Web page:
Exhibit 1 shows the average annual excess returns of the pure style indices relative to the style indices. The second column shows the average annual excess returns when the pure style indices are weighted by market cap. The difference between the first and the second column is an approximation of the resulting excess returns coming from alternatively weighting. For example, the average annual excess return of the S&P 500® Pure Growth and S&P 500 Growth in period 1 was 3.68%, of which roughly 3.28% was due to the weighting scheme.

Over the long-term investment horizon, with the lone exception of the S&P MidCap 400 Pure Growth, weighting by style score resulted in positive excess returns compared with weighting by market cap.

Next, we determine the performance impact of holding only pure style securities—those with a style score of 1—compared with the overall style universe, which contains pure and non-pure securities. To test this, we group securities of a given style universe into two groups (pure and blended) and look at the performance attribution using the groupings.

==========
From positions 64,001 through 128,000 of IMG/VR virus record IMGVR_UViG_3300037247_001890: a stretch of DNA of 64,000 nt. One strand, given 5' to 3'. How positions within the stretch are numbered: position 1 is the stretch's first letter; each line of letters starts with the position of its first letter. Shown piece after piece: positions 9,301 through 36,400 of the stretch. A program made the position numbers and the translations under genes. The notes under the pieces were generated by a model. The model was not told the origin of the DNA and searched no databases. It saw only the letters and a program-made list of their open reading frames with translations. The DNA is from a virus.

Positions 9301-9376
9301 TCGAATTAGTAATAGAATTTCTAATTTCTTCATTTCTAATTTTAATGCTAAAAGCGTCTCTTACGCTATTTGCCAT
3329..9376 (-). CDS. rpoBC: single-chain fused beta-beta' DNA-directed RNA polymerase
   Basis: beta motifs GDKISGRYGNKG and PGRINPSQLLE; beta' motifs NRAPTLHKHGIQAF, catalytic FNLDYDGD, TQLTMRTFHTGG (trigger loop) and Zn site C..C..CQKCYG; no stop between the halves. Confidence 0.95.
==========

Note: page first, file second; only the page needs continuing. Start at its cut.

The allocation effect in Exhibit 2 indicates the amount of average annual excess returns that were attributable to style purity between the S&P Style Indices and S&P Pure Style Indices.[ii]

For the most part, the difference in style purity (pure versus blended), as indicated by allocation effect, contributed positively to excess returns, with the exception of the S&P 500 Pure Value. For example, the average annual excess return of the S&P 500 Pure Growth over the S&P 500 Growth over the entire period was 1.43%, of which the difference in value definitions (allocation effect) added 0.83%.

In an upcoming post, we will review allocation differences among sectors for the two style series to see if stock selection remains the main driver of the performance differential.

[i]   It is not possible to cleanly attribute how much of the return difference came from security selection versus weighting by style score. This is because style scores are used in both selection and weighting, creating an interaction effect between the two.

[ii]   Although reported in Exhibit 1, selection effect is not meaningful for this analysis, as it also includes the interaction effect between selection and weighting. Exhibit 2 better represents the impact of the weighting scheme on performance.

The posts on this blog are opinions, not advice. Please read our Disclaimers.